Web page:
What was I doing all this time? I couldn't attack him and I was beginning to lose it. I mean really, not pretend-like. I attacked the tires on his little, nothing car until I got a hole in one of them. This was not easily done, I tell you, and it really hurt my teeth for the rest of my life. But it was worth it to see the wheel go down with a flat tire. He screamed, “You owe me some new tires.” Boss Lady was cool. Without batting an eyelash she said, “Call your insurance company. “He shoved some papers into her hands, ran to his car and drove off with the tire flapping. The pats I got were wonderful. She even spoke to me. “Sam, if you were a man I'd marry you. You have set the United States government back 10 years. That pip-squeak tax collector will never be back.” I only had to do it to him once because he never came back.
When the sun was high in the sky that meant it was noon and that meant dinnertime. I really had to watch because there was no warning and if I didn't get there on time, certain obnoxious visiting dogs from the big house would eat it. Sometimes it would rain on the food and make it wet and soggy and completely unappetizing. Dinner usually consisted of crunchy little nuggets smelling like the cardboard box I slept in. It tasted better than it smelled.
The early afternoon was spent napping in the cool grass around the house. I couldn't allow myself to go into a deep sleep because I was on duty. Trucks brought things to the big house during this time. One truck came every day to bring little bits of paper and I loved to go after it. The driver wore a uniform. I hate uniforms. He was another one of those nervous types and that got to me. His truck had sides cut out where the front door should be and I could see him really well as he left his seat. I loved to stare him down. After all, the afternoons were a little boring with nothing around to chase. He stopped coming up to the house after a while and left it all in a box by the road. By the time the sun started to dip, the squirrels came out again looking for food and I got a few good chases in before dark. Nothing extraordinary, because I had to save myself for the night hunts: raccoons, rats and the occasional groundhog or possum made for interesting evenings.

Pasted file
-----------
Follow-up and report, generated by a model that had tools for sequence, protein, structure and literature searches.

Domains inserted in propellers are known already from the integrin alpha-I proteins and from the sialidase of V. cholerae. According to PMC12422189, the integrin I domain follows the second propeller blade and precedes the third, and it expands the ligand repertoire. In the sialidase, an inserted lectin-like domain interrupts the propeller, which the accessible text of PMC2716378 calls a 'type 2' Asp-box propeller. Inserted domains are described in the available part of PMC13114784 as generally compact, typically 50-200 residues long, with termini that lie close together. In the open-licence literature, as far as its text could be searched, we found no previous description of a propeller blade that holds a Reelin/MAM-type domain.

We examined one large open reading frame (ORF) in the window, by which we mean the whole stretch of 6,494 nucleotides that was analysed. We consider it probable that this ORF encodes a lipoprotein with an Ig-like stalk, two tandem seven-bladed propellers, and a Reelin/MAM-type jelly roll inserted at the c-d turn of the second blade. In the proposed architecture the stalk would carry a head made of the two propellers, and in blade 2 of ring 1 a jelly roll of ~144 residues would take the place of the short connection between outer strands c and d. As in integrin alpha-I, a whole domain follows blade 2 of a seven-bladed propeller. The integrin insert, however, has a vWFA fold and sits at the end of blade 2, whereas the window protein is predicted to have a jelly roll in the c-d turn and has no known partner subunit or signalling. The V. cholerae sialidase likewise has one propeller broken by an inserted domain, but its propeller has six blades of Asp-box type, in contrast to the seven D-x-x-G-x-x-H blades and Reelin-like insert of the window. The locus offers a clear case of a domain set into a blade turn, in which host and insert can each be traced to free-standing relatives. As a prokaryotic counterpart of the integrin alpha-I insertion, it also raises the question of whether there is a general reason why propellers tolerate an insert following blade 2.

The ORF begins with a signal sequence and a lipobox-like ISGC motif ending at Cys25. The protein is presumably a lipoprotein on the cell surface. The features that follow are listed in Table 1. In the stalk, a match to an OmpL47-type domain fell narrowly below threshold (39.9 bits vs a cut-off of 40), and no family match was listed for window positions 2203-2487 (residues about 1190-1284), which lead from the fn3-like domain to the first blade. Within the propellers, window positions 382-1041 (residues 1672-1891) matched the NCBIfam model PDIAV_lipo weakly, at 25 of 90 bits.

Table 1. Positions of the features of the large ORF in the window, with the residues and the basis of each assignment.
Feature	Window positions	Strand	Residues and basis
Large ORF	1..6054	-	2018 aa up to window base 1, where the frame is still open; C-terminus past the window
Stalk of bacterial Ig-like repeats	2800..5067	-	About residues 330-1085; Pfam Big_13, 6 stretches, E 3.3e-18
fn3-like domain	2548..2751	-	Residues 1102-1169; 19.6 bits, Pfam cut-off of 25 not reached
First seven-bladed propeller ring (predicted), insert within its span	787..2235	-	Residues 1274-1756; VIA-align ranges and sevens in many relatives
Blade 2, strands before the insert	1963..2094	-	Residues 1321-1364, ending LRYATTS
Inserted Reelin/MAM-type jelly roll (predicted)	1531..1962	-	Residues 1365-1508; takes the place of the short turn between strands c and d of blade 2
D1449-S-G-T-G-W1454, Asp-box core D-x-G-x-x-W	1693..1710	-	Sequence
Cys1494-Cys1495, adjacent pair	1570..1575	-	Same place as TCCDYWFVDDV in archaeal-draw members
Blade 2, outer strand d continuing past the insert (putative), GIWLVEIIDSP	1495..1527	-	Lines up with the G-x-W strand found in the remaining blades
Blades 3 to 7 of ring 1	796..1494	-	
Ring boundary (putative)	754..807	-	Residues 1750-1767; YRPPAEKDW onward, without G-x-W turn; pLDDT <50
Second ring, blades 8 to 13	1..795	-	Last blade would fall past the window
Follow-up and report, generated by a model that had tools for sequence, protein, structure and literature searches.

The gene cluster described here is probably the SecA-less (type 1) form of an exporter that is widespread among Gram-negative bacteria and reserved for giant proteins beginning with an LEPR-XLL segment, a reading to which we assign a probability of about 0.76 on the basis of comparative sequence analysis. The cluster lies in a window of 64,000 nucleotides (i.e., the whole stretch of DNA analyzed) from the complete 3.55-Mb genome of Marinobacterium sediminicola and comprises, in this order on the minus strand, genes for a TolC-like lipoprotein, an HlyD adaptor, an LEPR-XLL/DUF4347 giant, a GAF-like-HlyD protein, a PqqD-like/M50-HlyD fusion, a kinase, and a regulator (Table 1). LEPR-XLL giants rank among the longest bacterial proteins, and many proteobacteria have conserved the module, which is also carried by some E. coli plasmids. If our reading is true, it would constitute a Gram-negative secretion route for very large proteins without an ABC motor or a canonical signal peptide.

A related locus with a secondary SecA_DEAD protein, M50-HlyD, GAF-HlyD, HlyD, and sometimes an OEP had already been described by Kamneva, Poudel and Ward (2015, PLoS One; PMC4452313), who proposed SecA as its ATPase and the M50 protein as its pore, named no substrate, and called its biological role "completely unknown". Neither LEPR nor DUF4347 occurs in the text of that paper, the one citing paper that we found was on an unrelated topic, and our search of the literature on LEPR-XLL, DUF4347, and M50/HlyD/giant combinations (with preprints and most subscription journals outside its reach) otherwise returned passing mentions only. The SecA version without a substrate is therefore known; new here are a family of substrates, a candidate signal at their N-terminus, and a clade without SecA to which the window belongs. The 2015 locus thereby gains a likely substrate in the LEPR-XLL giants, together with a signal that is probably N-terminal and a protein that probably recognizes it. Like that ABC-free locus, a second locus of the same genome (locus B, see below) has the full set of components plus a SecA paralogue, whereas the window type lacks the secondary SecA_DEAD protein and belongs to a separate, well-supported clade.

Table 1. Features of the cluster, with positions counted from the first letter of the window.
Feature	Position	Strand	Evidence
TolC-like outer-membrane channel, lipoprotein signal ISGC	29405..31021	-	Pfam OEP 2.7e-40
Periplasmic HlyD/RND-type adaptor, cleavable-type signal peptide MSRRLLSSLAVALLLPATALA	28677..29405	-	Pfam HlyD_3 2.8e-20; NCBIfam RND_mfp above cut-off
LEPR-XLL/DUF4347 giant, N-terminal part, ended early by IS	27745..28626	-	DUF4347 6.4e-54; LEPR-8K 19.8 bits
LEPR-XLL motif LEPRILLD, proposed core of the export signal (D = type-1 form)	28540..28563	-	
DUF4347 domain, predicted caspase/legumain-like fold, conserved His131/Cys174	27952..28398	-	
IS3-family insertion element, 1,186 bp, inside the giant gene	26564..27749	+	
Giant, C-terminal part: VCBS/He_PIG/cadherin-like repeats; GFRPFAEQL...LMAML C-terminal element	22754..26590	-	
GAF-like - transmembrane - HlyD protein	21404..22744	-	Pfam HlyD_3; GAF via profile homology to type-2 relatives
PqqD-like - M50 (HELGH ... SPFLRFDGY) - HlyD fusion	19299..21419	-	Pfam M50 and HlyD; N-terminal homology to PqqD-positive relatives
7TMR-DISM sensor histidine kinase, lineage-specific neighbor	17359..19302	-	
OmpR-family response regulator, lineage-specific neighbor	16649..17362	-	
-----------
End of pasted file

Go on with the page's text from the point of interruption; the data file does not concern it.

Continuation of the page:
One night my trainer, Don, came to see Bubba. They decided it was a perfect time to do a little hunting because there was a full moon to see by. I was raring to go. “Afore we go, how ëbout a quick one,” said Bubba. Don quickly agreed and they sat in Bubba’s house licking their hands and drinking out of tiny, cups while I waited patiently outside, for them to get started. Every once in a while I would hear, “Har, har, har, that’s a good’n.” Or, “pissed me off it did.” Meanwhile, I sniffed at Don’s truck tires. I could tell he had a lot of other dogs around him now and I knew some were bitches in heat. Not that I was interested in sexy stuff since I had been neutered. The smell of Doberman is very distinctive and there had definitely been a few of those. I guessed he was teaching other dogs at the school.
The moon was high when I got my first whiff of coon. It was Ole Pig, the meanest father of them all. I wanted him; I wanted him bad. I gave a howl and started for the door expecting for my buddies to grab their guns and dash after me into the darkness. I was out and running and halfway across the yard, when I looked back and saw them coming. They were unsteady on their feet as if they were half-asleep. I could barely see the flash of Bubba's white T-shirt as he drew his hunting jacket around him. I could hear Don's low chuckle that I loved, rolling across the darkness. Now what, I wondered, as they staggered toward me drawing in big gulps of air. They are making too much noise to bag anything, I thought. Then, they came to and gave themselves a good shake. They followed me through the broodmare field and I could hear them shhhing each other and giggling.